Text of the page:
How did that idea come about, to do a dashboard instead of maybe a series of blog posts or something like that?
We created the dashboard in partnership with Baremetrics. They are a like-minded company, wanted to do something fun and we were already keeping these records internally anyway. I think we just asked ourselves “Could it work? Could it work to do this?” We iterated on it a little bit in terms of what information we felt comfortable showing — not from our perspective, but from a customer’s perspective. We have signed up for transparency; but our customers — many have followed along with what we’re doing and feel really aligned with it , and many just want to have a service to Buffer their social media posts. We always want to be respectful of their privacy even as we do these crazy things with our own sort of transparency efforts. That was the only sticking point there: making sure that we were sharing as much as we could while protecting our individual customer’s privacy. Once we did that, we were able to launch it and I think Baremetrics has done that with a couple of other companies as well.
There were a number of layoffs from Buffer in 2016 and there was an announcement from Buffer CEO Joel Gasciogne where he said that he didn’t feel like Buffer fully lived up to its value of transparency. What has happened at Buffer since then to ensure that they continue that model of transparency into the future?
That’s definitely a situation that we had never encountered before and I sincerely hope we never encounter again. The tough thing about transparency is figuring out where the line is between what to share because you can and what to share because you should.
A lot of times, there’s a debate on if we should share something that will really freak out the team if there’s nothing they can do about it. Is that within our value of transparency? Or do we try and act on it as best we can and then share with them the outcome of what happened? That’s what we ended up choosing in this case — the latter option. We didn’t share the entire evolving situation because there’s not a lot we can do to get the information if our runway is very, very short and things are in sort of a panic state. It’s not going to do everyone a lot of good to hear that and not be able to act on it.
What we ended up doing was sharing, in retrospect, that the runway was short, and this is what we did about it. “It was a terrible, terrible day. A terrible moment. We don’t want it to ever happen again. Here are the things we’re doing to make sure it doesn’t happen again.” So that’s a judgement call, right? Maybe our team would have wanted to know every step of the way. Maybe they would have wanted to be involved. Maybe they would have had great ideas that we didn’t get to hear and didn’t get to act on because we chose to shield that information from them and only share it when it was a done deal. It’s an evolving conversation. It’s something we are always talking about. It’s something that we want to own up to when we don’t feel like we have done it the best that we could and we want to keep learning from those situations.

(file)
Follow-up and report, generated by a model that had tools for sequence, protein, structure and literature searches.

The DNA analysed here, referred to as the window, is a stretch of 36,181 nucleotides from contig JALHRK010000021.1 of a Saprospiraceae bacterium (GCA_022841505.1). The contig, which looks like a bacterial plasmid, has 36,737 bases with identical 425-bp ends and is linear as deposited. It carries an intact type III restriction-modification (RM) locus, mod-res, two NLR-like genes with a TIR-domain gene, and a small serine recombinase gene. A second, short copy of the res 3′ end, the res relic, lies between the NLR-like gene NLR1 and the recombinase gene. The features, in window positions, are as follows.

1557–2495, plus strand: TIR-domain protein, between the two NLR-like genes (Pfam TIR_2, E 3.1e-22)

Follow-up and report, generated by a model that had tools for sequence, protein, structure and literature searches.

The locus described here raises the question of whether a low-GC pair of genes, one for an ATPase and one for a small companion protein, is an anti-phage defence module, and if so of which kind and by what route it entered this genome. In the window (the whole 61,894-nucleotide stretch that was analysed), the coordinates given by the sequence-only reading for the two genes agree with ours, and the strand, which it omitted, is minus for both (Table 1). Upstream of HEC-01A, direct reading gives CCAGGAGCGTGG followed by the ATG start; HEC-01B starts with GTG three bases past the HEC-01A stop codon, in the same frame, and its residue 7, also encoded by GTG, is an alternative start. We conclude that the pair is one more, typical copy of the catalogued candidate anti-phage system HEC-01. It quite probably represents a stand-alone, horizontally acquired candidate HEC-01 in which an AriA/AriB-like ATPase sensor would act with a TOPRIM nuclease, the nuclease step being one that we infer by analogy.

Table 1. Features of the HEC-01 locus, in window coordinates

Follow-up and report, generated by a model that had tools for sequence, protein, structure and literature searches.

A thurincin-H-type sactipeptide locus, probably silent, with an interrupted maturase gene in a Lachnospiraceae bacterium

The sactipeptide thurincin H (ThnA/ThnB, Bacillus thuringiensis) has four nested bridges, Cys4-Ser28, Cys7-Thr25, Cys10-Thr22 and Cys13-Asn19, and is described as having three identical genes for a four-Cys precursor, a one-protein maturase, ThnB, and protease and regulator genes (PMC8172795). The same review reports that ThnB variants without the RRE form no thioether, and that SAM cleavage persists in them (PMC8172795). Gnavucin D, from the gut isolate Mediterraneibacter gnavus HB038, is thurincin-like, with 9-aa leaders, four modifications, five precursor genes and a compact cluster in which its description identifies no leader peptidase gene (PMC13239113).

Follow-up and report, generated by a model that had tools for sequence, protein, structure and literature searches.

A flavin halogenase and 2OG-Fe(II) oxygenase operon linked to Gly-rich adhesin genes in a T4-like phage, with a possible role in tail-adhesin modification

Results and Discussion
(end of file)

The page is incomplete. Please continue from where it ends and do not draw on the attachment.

It’s kind of hard to say what the takeaways are. In terms of sharing bad news with the team, I think the team has expressed with us that they want to be all-in. Like, Buffer is known for this: its transparency. Everyone knows everything, that’s what they sign up for, they can handle it. So in future bad news situations, which I sure hope are few and far between, we will probably try and give everyone information much closer to the time that it happens rather than wait.
How does Buffer’s level of transparency affect recruiting efforts?
I think we get a lot more people interested in Buffer because of transparency. One benefit of transparency that I didn’t mention, and that we didn’t set out to achieve, was that of marketing success. We never said “if we share salaries, all these publications are going to be knocking on our door.” It was a natural side effect of it; people were just interested in them. As a result of that, more folks heard about Buffer and heard about Buffer’s culture than maybe they would have otherwise. When we made salaries transparent, for the next open job role, we had double the number of applicants for it. I think that’s a pretty strong sign that folks feel aligned with what we’re up to.
Yeah, it does sound like it’s been pretty positive.
I think so. It kind of lets you know what you’re in for. If you’re a person who is very private and this idea is frightening and terrible to you, Buffer is probably going to be a mismatch. If you’re someone who’s open to that idea, and you don’t have to be entirely gung-ho, but open to learning more and learning about the philosophy behind it and why we see the benefit of it, then Buffer could be a great spot for you.
What tips would you suggest for a company that’s interested in adopting radical transparency for their own workforce?
I would say small steps are fine, you know? It would be tough to go from a very traditional organization that holds things quite close to the vest and then just one day open up everything. You can take steps in between. If you want to be more open about salaries, you don’t have to share them with the world. You don’t have to post them to the Internet with people’s names and cities. You can share bands of salaries internally, and if that goes okay and people aren’t freaking out, maybe you can share actual salaries internally. If that goes really well you can think about the next step, but break it up into smaller pieces. Radical transparency is not something that happens overnight. It’s the result of many, many small decisions over many, many years.
Many companies are adopting levels of radical transparency, including us here at Fog Creek. Read more about how we’ve tackled this by adding salary transparency at a 17-year-old company.